Rethinking Calling and Creativity: You’ll Leave with Hope (I Promise)
InSpero hosted Kate Harris at a lunch where she spoke on calling and creativity. I loved her. But I also hated her because she stripped away all my excuses. Excuses like:
- I’d fulfill my calling if my life were simpler, if I wasn’t juggling so many different responsibilities and people in my life. How can I be creative when life is so complicated? How can I even know what my calling is when I’ve got so much to do?
- I’d live up to my “potential” (can we just put that word on the top-ten toxic words list?) if I didn’t have so many limitations: time, energy, money, family and work demands, brain cells.
- I can’t create because I’m too broken, too messed-up, not gifted enough. Because isn’t “calling” about offering what’s best in me—my strengths and abilities—to the world?
Kate was a mixture of whimsy and substance, charm and “gravitas.” She lured me in with her dimpled smile and down-home humor. She hooked me with her counter-cultural words.
She began by simply re-focusing our definition of vocation and calling. Vocation comes from the Latin voca (voice, summons) and calling’s Greek root is kaleo (to call, invite, to give a name to or receive a name from). A calling has more to do with identity and belonging than with productivity and duty, being more than doing.
“Vocation,” Kate said, “is a life lived in response to God’s calling.” Emphasis on God’s call and our response.
Kate explained that people traditionally categorize vocation or calling as what you do, what you have the potential to do in the future, and where you have gifts and strengths. She spun this thinking 180 degrees with these challenges:
1. Calling is not just your work. It incorporates all the complexities of your life and all the boringly faithful roles you play. A calling is comprehensive.
2. Calling is not just a projection into your future potential. It is each present moment, with all its roadblocks. Creativity operates within the context of constraints and limitations. As I wrote this and processed Kate's challenge, I read Tommy Hicks’ tragic story in AL.com about Brittany Huber, a young and beautiful deaf artist who died in a car crash the day before her wedding in Mobile, Alabama.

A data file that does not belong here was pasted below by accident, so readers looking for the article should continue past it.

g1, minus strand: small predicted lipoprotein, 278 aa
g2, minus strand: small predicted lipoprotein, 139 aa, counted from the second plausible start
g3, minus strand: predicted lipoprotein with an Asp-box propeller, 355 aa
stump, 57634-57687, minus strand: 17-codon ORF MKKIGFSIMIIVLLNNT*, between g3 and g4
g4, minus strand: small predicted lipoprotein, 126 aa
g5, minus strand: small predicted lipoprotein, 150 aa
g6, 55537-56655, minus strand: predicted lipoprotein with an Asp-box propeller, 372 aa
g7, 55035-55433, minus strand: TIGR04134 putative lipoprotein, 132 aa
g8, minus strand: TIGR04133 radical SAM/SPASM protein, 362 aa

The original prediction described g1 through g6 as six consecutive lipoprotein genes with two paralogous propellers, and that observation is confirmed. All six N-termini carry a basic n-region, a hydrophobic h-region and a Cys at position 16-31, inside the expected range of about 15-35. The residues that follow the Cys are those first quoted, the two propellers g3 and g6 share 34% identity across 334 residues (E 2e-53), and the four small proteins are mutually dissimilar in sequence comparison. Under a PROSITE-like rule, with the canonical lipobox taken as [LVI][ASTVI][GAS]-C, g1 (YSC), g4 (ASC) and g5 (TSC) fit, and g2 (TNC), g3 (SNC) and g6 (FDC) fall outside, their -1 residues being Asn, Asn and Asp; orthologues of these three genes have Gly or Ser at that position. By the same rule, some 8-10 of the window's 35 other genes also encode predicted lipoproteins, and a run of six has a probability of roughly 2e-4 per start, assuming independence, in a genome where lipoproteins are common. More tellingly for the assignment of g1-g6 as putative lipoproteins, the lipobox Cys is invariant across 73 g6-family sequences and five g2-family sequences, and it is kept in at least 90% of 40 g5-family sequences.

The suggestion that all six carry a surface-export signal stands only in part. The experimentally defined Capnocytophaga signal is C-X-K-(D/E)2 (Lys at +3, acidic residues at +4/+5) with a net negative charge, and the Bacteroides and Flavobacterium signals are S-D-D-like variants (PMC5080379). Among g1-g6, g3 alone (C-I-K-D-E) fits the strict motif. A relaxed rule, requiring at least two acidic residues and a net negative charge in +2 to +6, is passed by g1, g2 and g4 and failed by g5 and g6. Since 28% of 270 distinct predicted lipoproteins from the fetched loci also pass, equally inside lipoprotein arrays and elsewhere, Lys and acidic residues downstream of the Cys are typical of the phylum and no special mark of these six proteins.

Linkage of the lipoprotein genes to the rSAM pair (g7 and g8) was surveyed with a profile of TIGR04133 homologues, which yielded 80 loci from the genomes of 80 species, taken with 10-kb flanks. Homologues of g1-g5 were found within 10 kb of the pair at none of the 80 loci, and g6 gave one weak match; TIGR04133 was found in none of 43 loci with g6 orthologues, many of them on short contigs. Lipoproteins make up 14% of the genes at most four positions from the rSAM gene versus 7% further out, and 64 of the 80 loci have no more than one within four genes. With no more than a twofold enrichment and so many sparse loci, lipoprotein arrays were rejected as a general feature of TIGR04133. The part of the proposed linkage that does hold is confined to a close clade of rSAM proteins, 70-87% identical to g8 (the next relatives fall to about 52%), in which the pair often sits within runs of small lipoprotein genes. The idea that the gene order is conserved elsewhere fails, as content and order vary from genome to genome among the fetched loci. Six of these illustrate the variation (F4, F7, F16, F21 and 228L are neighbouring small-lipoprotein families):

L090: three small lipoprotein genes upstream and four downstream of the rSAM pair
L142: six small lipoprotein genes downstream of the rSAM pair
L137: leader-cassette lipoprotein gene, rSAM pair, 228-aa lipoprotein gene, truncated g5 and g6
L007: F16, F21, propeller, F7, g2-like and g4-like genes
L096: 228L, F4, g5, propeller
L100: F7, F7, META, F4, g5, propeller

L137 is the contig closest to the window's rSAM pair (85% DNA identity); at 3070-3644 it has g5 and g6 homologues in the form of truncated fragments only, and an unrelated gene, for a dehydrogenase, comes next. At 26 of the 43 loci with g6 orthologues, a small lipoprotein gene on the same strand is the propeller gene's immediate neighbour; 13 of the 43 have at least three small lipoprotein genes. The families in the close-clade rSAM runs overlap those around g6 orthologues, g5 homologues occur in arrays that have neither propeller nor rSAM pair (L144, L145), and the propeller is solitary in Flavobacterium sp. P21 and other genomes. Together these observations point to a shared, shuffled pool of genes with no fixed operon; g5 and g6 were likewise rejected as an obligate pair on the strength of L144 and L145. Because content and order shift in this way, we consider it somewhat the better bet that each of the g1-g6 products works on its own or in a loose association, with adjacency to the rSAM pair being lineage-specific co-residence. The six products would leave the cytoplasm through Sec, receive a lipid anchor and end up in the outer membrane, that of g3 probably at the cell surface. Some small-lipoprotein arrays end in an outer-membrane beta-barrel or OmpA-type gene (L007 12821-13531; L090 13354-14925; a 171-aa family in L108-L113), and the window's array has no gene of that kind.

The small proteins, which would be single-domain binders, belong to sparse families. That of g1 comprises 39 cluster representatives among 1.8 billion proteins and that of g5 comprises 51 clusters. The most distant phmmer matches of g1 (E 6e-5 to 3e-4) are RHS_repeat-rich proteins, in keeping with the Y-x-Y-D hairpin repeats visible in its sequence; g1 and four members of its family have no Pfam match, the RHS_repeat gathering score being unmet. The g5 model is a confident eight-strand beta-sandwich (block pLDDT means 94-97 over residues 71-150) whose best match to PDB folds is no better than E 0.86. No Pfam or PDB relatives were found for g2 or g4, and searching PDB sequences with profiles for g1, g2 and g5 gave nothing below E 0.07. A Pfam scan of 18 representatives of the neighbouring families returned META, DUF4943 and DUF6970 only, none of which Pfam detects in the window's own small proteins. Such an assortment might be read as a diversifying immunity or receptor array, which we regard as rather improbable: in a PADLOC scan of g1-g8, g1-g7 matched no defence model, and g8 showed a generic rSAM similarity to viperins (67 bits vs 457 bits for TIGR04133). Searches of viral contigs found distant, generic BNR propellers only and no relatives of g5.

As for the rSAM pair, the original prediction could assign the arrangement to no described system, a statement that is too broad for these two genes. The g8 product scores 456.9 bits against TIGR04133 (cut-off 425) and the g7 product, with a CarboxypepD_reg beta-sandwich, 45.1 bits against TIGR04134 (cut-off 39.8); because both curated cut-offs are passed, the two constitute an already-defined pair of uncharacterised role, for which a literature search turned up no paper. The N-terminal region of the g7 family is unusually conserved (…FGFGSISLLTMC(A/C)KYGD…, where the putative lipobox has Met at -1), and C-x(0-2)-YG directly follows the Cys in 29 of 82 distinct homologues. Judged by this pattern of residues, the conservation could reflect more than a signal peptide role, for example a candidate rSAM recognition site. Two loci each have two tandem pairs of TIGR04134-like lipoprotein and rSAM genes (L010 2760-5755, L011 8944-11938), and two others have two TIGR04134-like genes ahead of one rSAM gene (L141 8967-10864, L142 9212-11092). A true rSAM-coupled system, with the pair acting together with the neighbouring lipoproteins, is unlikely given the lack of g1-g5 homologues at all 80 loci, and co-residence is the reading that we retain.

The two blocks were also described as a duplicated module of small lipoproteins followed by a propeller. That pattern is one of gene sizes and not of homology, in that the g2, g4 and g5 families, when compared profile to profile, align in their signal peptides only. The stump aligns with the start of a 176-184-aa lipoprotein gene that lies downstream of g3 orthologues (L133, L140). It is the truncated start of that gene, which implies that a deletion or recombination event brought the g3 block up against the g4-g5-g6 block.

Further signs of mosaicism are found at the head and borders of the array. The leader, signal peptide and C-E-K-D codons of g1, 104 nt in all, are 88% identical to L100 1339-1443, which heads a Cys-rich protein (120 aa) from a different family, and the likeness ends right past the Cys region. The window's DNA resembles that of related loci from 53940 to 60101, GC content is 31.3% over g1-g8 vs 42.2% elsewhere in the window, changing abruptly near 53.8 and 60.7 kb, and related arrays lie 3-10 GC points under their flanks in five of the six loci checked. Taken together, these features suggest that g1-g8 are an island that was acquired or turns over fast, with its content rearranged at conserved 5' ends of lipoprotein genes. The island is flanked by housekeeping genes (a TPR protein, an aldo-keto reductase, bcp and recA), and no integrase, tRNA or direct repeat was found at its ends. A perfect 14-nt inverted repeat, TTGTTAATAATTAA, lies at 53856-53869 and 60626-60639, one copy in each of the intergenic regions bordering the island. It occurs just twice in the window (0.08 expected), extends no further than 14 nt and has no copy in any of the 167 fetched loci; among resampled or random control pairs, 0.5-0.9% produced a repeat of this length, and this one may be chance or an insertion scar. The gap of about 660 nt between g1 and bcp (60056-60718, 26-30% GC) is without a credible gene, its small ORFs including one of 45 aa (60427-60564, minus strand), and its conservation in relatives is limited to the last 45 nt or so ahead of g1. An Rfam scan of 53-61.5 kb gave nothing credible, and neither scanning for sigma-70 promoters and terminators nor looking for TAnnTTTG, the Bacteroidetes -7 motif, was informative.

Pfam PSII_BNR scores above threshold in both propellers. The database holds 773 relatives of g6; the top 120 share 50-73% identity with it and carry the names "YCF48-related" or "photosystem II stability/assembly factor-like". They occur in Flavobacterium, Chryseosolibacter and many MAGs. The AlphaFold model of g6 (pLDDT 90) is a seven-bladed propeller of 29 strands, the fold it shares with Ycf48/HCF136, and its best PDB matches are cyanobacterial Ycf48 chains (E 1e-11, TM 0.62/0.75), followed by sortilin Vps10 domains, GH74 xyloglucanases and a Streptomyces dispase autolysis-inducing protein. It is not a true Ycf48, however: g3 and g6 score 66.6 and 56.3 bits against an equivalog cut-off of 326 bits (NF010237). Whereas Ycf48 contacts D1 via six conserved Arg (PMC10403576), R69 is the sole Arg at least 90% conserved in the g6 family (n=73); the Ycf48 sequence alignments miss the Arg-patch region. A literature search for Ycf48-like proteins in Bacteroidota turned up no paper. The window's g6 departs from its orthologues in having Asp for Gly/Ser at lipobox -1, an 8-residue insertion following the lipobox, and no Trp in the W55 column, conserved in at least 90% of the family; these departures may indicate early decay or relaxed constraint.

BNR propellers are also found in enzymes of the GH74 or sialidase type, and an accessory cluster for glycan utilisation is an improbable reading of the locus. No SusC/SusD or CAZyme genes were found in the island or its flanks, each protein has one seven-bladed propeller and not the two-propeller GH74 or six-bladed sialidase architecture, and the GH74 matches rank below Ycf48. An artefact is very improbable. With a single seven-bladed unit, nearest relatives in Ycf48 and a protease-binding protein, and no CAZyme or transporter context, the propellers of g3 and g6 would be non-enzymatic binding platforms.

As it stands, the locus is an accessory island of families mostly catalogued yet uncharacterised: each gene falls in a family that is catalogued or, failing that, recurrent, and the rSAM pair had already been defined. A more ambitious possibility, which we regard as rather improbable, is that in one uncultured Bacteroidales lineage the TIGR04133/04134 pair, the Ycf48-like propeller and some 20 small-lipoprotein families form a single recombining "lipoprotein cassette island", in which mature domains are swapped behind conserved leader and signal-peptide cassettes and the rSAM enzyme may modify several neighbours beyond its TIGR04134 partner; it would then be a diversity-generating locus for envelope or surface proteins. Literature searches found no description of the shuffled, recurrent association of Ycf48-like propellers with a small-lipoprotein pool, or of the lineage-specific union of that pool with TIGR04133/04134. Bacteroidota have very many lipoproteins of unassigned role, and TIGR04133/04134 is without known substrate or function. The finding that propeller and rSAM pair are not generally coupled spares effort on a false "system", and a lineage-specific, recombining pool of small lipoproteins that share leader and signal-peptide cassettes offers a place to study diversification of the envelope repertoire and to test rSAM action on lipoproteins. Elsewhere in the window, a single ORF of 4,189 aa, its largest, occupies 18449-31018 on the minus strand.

Brittany wrote, "I never let my disability hold me back. In fact, the older I became, the more I realized that being deaf is what has shaped me into the artist that I am today. By being deaf, my visual senses are heightened, and I have learned to become more aware of my surroundings.As a result, I observe and watch everything in sight carefully. It is this careful observation of my surroundings that has allowed me to understand what is going on in everyday life. God created me this way because he wanted me o see how beautiful this world is with my eyes and to understand what others may tend to miss out on.”
Another example of creativity within constraints is how artist Phil Hansen transformed his art after he was diagnosed with a tremor and nerve damage. Listen to his TED talk, “Embrace the Shake” and tell me you still have excuses.
3. Calling is less about your strengths and powers and more about your passions. Your creative call comes out of your griefs as well as your gifts, your scars as much as your skills.
This was the first time I left a talk on calling and creativity without feeling guilty that I had already missed it or just plain tired from the “be all you can be” pep rally.
I left with hope. With my ears open to hear because God is doing the calling. He calls me in the midst of all my rote daily take-me-down tasks, my past and present junk, my limitations, my brokenness and mess-ups. I just have to keep showing up and trusting he’s using it all, even the “slop.” Kate summed up her talk with a quote from Gerard Manley Hopkins as he referenced St. Loyola of Ignatius:
“To lift up the hands in prayer gives God glory, but a man with a dungfork in his hand, a woman with a slop pail, give Him glory, too. God is so great that all things give Him glory if you mean that they should.”
Kate is the executive director of the Washington Institute for Faith, Vocation, and Culture, and author of Wonder Women: Navigating the Challenges of Motherhood, Career, and Identity.